When Jesus talks about the parable proper, He begins by describing the common tendency of the two parties, the Pharisee and the tax-gatherer – both had a noticeable urge to worship and to pray to God – they both went up to the temple. Sadly, such a good opportunity to draw closer to God turns into a session of condemning others more than anything else. When we condemn a brother in a given situation, we need to realise at the same time, in another set of circumstances, maybe, we are found more guilty than the one we condemn (Mt 7:1-3).

Since God searches the heart of man (Lk 16:15; Jer 17:10), Jesus, being God Himself, first disclosed that the Pharisee was praying to himself. He neither addressed his prayer to, nor gave thanks to God for His providential care, not to mention ascribing any glory to Him, neither did he confess his sins nor make any effort to repent. His prayer was so self-centred that he even condemned another person to magnify his own ‘religious piety’. His religious fanaticism led him to think that he was good before God; he thought he had been fulfilling the requirements of the Law. In fact, he had neglected the weightier provision of the Law, though he may have claimed otherwise (cf Lk 11:42).

He offered a prayer which totally cast the spirit of the ‘Lord’s Prayer” aside and was contrary to it. He tossed the ‘shema’ (Deut 6:4), the spirit of the Law, out of his mind. A violation that was against the tenets of ‘God is the Lord’ and loving Him totally. A prayer that attempts to gain righteousness by religious deeds is an abomination in God’s eyes. This is a clear failure to view himself correctly before man and God.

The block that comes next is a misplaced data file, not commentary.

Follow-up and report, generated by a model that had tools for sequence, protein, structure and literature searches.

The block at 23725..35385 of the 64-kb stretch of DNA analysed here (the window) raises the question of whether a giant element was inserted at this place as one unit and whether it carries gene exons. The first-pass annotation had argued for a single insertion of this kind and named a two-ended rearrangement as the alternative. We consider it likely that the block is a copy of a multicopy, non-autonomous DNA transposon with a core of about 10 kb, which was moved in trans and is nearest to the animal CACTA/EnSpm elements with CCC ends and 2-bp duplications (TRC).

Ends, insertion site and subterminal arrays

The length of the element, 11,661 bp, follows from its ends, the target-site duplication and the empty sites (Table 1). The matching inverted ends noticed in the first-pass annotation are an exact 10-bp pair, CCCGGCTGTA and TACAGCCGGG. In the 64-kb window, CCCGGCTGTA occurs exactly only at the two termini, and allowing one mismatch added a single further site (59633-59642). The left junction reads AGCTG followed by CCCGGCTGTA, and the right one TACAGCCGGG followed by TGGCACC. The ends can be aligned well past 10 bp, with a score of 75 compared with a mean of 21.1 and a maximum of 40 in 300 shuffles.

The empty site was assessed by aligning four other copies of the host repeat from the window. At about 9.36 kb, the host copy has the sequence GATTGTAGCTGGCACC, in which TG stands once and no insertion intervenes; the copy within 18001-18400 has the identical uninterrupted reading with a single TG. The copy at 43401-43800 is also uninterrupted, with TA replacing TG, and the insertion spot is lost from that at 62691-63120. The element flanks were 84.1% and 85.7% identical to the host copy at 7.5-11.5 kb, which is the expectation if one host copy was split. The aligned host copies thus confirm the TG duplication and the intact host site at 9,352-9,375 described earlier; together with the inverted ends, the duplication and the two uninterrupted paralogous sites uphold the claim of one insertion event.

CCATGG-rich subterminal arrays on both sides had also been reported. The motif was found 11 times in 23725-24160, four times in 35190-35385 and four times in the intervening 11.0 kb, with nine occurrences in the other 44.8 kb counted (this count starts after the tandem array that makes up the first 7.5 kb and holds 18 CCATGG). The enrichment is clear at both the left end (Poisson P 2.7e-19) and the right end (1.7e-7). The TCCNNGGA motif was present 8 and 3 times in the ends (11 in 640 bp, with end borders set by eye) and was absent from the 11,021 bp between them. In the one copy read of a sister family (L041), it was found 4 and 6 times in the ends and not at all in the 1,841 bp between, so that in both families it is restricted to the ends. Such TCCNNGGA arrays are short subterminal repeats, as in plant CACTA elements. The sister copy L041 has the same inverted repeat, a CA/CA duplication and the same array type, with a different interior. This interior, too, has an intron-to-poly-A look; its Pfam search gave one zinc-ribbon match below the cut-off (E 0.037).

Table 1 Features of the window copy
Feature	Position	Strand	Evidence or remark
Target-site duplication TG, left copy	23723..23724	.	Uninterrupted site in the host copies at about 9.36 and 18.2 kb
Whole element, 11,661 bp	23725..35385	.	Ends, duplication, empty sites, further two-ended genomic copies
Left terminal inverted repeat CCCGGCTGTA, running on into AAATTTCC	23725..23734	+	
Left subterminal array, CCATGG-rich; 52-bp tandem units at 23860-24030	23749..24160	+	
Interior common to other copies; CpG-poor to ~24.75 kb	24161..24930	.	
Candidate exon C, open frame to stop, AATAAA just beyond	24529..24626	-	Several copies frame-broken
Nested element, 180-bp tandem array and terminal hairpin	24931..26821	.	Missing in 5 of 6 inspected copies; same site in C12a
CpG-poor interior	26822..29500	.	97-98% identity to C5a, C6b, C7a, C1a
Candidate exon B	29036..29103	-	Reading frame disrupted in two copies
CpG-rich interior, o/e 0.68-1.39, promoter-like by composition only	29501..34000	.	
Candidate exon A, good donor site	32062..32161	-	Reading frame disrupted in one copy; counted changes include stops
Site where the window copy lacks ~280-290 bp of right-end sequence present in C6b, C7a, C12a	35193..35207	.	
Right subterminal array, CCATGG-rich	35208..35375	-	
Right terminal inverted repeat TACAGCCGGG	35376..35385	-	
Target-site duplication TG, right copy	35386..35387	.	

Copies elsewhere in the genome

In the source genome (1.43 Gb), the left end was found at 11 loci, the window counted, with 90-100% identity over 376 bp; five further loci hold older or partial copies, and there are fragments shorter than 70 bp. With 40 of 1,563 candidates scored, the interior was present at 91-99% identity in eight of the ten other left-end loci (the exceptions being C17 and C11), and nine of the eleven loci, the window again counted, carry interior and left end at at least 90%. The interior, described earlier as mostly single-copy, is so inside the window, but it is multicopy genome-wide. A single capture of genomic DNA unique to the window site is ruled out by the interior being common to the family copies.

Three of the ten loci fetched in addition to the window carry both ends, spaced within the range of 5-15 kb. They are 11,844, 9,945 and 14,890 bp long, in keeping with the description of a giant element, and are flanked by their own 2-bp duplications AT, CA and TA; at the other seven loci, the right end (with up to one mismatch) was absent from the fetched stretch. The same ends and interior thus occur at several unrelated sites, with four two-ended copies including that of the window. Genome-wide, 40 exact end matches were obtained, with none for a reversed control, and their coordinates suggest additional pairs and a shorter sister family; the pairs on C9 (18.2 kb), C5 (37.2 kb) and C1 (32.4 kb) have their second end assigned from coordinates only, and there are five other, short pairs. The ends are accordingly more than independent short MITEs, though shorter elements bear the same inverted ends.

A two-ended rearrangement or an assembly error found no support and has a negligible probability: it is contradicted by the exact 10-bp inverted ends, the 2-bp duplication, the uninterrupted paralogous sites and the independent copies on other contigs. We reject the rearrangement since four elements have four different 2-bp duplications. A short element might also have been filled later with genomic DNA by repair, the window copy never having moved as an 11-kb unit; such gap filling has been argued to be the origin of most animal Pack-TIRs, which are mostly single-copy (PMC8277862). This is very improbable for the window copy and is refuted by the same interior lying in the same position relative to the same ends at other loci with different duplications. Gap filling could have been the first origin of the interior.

In contrast, the guilt-stricken tax-gatherer stood at some distance, feeling unworthy to approach the Lord. He was clearly aware of his own sins. But with a contrite heart, demonstrated in the beating of his breast, he genuinely sought for forgiveness from God with repentance. He knew he could not face God, but at the same time he knew that only He could give him a chance of reconciling with Him. Shamefully, with his head bowed down, he cried out to the Lord to heal the breach. His prayer was heard.

Jesus’ conclusion of this parable was simple: “I tell you this man went down to his house justified rather than the other; for everyone who exalts himself will be humbled, but he who humbles himself will be exalted.”

Humility calls for the understanding that we are not perfect yet. In this parable both were morally corrupt. Perhaps the tax-gatherer was publicly known for his corruption (he exacted Roman taxes with throat-cutting profit). The Pharisee may have been upright in the light of his own religiousness, but still sinned against God in many ways. His very self-righteous prayer was an example. Have we ourselves not been sinning against God too?

Unlike the Pharisee who used his own charity as the standard of righteousness, the tax-gatherer’s humility was demonstrated in his using of God’s righteousness to measure himself. He knew he fell miserably short of God’s standard, and thus prayed truthfully for forgiveness. Without humility, we may even condemn a sinner more than the sin itself. This is no way suggesting that we should tolerate sin or allow a sinner to go unpunished. For God is just, and will make us accountable for what we have done (Eccl 11: 9-10).

The lack of humility in prayer made the Pharisee self-righteous. The same may happen to us as we go about our Christian duties, and if we are not careful, it may even give rise to conflict – dissension, slander and hatred – to the detriment of Christ’s body, (cf Gen 4:4ff). He who always justifies himself will always think that he is righteous. However, there is none who is righteous, not even one, according to the OT scriptures (Ps 14:1-3; cf Rm 3:10-18). For righteousness, in a scriptural sense, entails the practice of God’s law and being considered right with God. Though we cannot sweepingly claim that none is righteous in the NT (cf Rev 3:4), we must not say that we have already attained to the righteousness required by God (cf Phil 3:12ff).

It is the attitude of the tax collector toward God that we are to adopt.